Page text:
The weeks and months after a baby is born are a critical time for the growth of the heart of premature babies. This is largely because they are faced with major blood flow changes and increased oxygen demands as they transition to the outside environment during a time where they would normally be developing inside their mother.
A lot of research has identified preterm birth (born before 37 weeks gestation) as a risk factor for developing early heart disease, including heart failure. Heart failure is when the heart can’t pump blood around your body as effectively as it should.
Several studies have shown that preterm birth is linked to abnormalities in the structure and function of their heart, yet the extent and evolution of these changes throughout development, from birth to adulthood, are not well defined. However, it’s important that they are defined as one in ten people worldwide are born preterm.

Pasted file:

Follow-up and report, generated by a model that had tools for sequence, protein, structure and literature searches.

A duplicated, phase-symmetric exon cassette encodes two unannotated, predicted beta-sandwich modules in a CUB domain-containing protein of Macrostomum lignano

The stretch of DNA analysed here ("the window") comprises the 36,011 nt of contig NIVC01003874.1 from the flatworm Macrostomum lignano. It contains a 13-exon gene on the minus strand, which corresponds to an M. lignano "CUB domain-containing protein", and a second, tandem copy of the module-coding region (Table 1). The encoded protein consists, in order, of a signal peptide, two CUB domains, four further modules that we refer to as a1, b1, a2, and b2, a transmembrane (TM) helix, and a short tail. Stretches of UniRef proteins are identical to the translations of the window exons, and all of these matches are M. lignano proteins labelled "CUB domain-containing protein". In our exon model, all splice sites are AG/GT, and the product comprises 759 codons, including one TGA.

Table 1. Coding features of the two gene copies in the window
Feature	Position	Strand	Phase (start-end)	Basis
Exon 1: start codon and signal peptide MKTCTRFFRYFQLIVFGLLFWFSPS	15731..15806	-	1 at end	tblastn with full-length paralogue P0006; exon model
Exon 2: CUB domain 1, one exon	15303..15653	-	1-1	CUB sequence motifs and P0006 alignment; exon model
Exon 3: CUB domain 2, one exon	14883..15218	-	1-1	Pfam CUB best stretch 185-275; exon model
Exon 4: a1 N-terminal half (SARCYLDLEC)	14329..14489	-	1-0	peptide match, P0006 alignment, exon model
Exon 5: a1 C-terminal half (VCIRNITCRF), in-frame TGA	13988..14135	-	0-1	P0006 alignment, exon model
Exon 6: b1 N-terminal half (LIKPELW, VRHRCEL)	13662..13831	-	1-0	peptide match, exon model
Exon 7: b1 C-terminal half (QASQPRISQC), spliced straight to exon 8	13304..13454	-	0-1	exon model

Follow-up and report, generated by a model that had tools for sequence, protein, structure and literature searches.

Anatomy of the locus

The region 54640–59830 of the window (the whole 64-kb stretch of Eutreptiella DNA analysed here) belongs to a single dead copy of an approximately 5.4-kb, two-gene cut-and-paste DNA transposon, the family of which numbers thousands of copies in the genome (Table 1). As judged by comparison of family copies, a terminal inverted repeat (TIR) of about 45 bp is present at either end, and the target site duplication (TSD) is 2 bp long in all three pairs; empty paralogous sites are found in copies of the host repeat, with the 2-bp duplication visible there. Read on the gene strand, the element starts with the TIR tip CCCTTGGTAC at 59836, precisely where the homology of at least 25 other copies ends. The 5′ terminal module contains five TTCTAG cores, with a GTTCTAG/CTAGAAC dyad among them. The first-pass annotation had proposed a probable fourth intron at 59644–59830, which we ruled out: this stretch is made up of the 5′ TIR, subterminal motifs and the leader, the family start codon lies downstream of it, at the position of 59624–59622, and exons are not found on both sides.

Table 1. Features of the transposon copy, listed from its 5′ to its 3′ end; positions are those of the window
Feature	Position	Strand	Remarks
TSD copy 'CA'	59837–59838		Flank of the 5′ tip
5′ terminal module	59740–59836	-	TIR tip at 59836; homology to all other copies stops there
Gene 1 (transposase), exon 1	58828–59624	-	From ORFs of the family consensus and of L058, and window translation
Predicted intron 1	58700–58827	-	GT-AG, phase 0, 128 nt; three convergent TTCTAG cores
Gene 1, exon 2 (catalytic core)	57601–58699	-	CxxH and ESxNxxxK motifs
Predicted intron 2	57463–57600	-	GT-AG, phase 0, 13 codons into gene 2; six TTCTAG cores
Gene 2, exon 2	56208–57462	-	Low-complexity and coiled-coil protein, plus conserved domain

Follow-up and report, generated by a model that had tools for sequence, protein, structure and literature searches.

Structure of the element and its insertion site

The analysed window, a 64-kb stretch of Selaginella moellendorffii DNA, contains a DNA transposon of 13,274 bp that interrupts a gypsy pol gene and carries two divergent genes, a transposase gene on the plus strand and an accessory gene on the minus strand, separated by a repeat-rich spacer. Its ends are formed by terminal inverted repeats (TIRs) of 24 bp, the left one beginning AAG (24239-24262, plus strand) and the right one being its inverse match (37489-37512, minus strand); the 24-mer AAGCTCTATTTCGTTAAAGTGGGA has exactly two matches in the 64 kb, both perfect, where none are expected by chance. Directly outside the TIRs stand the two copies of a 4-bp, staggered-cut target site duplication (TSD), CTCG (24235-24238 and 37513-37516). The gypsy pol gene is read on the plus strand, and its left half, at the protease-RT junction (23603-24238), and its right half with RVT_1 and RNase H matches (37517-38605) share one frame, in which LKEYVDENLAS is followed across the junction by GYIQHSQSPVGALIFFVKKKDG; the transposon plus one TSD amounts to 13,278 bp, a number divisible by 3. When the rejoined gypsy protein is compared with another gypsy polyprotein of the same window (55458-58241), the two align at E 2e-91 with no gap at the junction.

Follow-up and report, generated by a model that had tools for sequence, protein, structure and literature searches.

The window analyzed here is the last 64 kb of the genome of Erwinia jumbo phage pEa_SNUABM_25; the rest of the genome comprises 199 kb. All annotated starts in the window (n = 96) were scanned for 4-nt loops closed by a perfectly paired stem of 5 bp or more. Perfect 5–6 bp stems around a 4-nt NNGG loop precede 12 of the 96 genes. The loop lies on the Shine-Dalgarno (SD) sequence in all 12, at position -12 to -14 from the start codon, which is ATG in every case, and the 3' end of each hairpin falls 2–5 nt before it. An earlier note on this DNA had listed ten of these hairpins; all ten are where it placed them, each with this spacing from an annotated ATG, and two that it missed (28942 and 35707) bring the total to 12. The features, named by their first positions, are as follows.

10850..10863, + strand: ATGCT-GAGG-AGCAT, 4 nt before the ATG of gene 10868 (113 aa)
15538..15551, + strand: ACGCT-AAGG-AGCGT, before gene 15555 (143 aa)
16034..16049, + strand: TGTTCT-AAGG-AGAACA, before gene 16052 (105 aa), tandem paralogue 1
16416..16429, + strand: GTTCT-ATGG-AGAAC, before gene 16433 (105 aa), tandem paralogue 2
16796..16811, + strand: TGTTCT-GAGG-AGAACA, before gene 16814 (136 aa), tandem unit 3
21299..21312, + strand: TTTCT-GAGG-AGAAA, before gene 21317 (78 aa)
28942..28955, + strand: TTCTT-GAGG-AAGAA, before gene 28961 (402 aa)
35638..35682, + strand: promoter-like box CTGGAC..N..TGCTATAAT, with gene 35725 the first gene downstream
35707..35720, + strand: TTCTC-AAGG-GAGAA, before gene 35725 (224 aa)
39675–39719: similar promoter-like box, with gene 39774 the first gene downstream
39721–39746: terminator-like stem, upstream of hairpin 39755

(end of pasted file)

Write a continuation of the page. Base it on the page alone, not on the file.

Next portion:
In our latest study, we performed a meta-analysis of data from published studies that compared the heart’s structure and function using echocardiography or cardiovascular magnetic resonance imaging for people born preterm versus those born at term.
Read the full article on The Conversation website, written by Dr Adam Lewandowski, Radcliffe Department of Medicine.
Oxford is a subscribing member of The Conversation. Find out how you can write for The Conversation.